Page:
Atheism is “a creed that needs the same religious protections of Christianity and Islam,” stated a headline in the National Post newspaper on Aug. 27.
Canada’s human rights tribunals and rights charters have certainly provided ample scope for commentary on political correctness and anti-Christian stances in recent years, but the latest decision, which equates atheism with a religion, is indeed astonishing.
The article referred to an Aug. 13 decision by the Human Rights Tribunal of Ontario, in relation to a case brought by atheists who protested the policy that allows primary school students to receive copies of the Gideon Bible with parental consent.
For many years free Gideon bibles were offered to students in all of Canada in grade 5. Three years ago atheist Rene Chouinard, a father of two school-age children, asked if he could distribute copies of “Just Pretend: A Freethought Book for Children.” When he was denied permission to do this he brought a case before the rights tribunal.
The Ontario Human Rights Code, the tribunal explained in its Aug. 22 press release, does not “find that exposure to religion in schools violates rights under the Code.”
The tribunal did, however, decide that atheism has the same rights as a religion. “The decision makes it clear that Code protections against discrimination based on creed can cover persons who are not religious, including atheists,” stated Barbara Hall, Chief Commissioner of the tribunal.
“Protection against discrimination because of religion, in my view, must include protection of the applicants’ belief that there is no deity,” wrote David A. Wright, associate chair of the commission, the National Post article reported.
Atheism, it seems then, is a sort of religious creed or belief system, and should receive the protection of laws governing religious freedom.
The recent decision is not the only item of interest from Canada in these days. Press reports explained that next month the Quebec government will table a “Charter of Quebec Values” in the National Assembly – the legislative body of the province.
According to the reports the charter will ban every form of external religious display by public employees, whether they be teachers, civil servants, or health care workers. So no crucifixes, turbans or headscarves, or any other religious symbol.
“The perception is that removal of public religious symbols will make these institutions more neutral, more fair minded, and that those receiving service will feel less threatened,” Roberta Joustra commented in an article for the Globe and Mail on August 22.
Interfering in this way with religious practices puts the state in the position of not only suppressing religion, but also changing it, she said. “It is something that we would expect to see in Putin’s Russia,” she said, quoting prominent Canadian philosopher Charles Taylor, who criticized the proposal.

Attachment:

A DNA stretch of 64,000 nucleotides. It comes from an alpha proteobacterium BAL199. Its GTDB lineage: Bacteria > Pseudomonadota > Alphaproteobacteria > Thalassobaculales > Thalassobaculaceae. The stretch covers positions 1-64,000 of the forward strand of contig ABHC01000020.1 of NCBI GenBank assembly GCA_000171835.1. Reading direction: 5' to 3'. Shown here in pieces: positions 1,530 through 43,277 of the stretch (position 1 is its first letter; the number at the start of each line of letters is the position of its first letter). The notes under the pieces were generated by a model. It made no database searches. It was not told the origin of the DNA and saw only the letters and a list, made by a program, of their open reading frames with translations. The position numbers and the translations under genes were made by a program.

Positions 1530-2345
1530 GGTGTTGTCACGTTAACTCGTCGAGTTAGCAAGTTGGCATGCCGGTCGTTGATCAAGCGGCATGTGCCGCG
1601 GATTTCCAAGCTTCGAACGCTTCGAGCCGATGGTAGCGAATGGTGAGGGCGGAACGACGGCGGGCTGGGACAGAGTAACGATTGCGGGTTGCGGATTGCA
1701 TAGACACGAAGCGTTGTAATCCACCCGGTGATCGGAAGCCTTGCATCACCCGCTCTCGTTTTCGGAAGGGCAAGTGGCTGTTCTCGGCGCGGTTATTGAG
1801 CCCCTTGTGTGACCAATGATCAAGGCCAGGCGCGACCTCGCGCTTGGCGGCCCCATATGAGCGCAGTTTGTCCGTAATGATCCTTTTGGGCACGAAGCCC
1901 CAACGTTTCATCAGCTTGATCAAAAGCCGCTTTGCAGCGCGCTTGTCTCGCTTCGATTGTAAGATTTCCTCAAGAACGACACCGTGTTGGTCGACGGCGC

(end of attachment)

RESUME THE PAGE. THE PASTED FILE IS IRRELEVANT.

Some commentators have suggested that the charter won’t see the light of day, given the strong opposition expressed since the news was leaked. The proposal is “preposterous, irresponsible and a blatant violation of one’s freedom of expression and religion,” stated Dan Delmar in the National Post on August 21.
Yet, others point to opinion polls that indicate substantial support for the measure. The minority Parti Québécois government may well have the political support needed to pass the proposed legislation, according to an August 26 article in the Toronto Star newspaper.
“…a ban on religious symbols would violate people’s fundamental freedom of religion, stamping out expressions of religious or cultural difference amongst minorities,” said Cara Zwibel Director of the Canadian Civil Liberties’ Fundamental Freedoms Program, in an opinion showing that it is not just churches or religious organizations that are concerned about the charter.
Nevertheless, Quebec Premier Pauline Marois said the charter “will be a uniting force for the province,” according to a Radio Canada report on August 26.
“Freedom of religion is a complex and multi-faceted fundamental freedom, which is threatened and becomes the focus of conflict when secularists object to religion or religious people playing any role or having any influence in the public square,” commented bioethicist Margaret Somerville in the Ottawa Citizen on August 22.
The ban on religious symbols in public, she maintained, would not only be anti-democratic, but it would also disenfranchise people with religious beliefs.
Somerville explained that she was asked by the Ottawa Citizen to write an article on the topic of what is the world’s most dangerous idea. On consulting some of her colleagues in the law school they all replied that it was religion.
How can this be the case, she asked, when “For millennia, people have viewed faith as integral to being human — of the essence of our humanness.”
Yet now, at least according to Canada, the absolute denial of faith – atheism – is to be considered as equivalent to a faith, but any public display of faith is to be prohibited. Welcome to the brave new world of extremist secularism.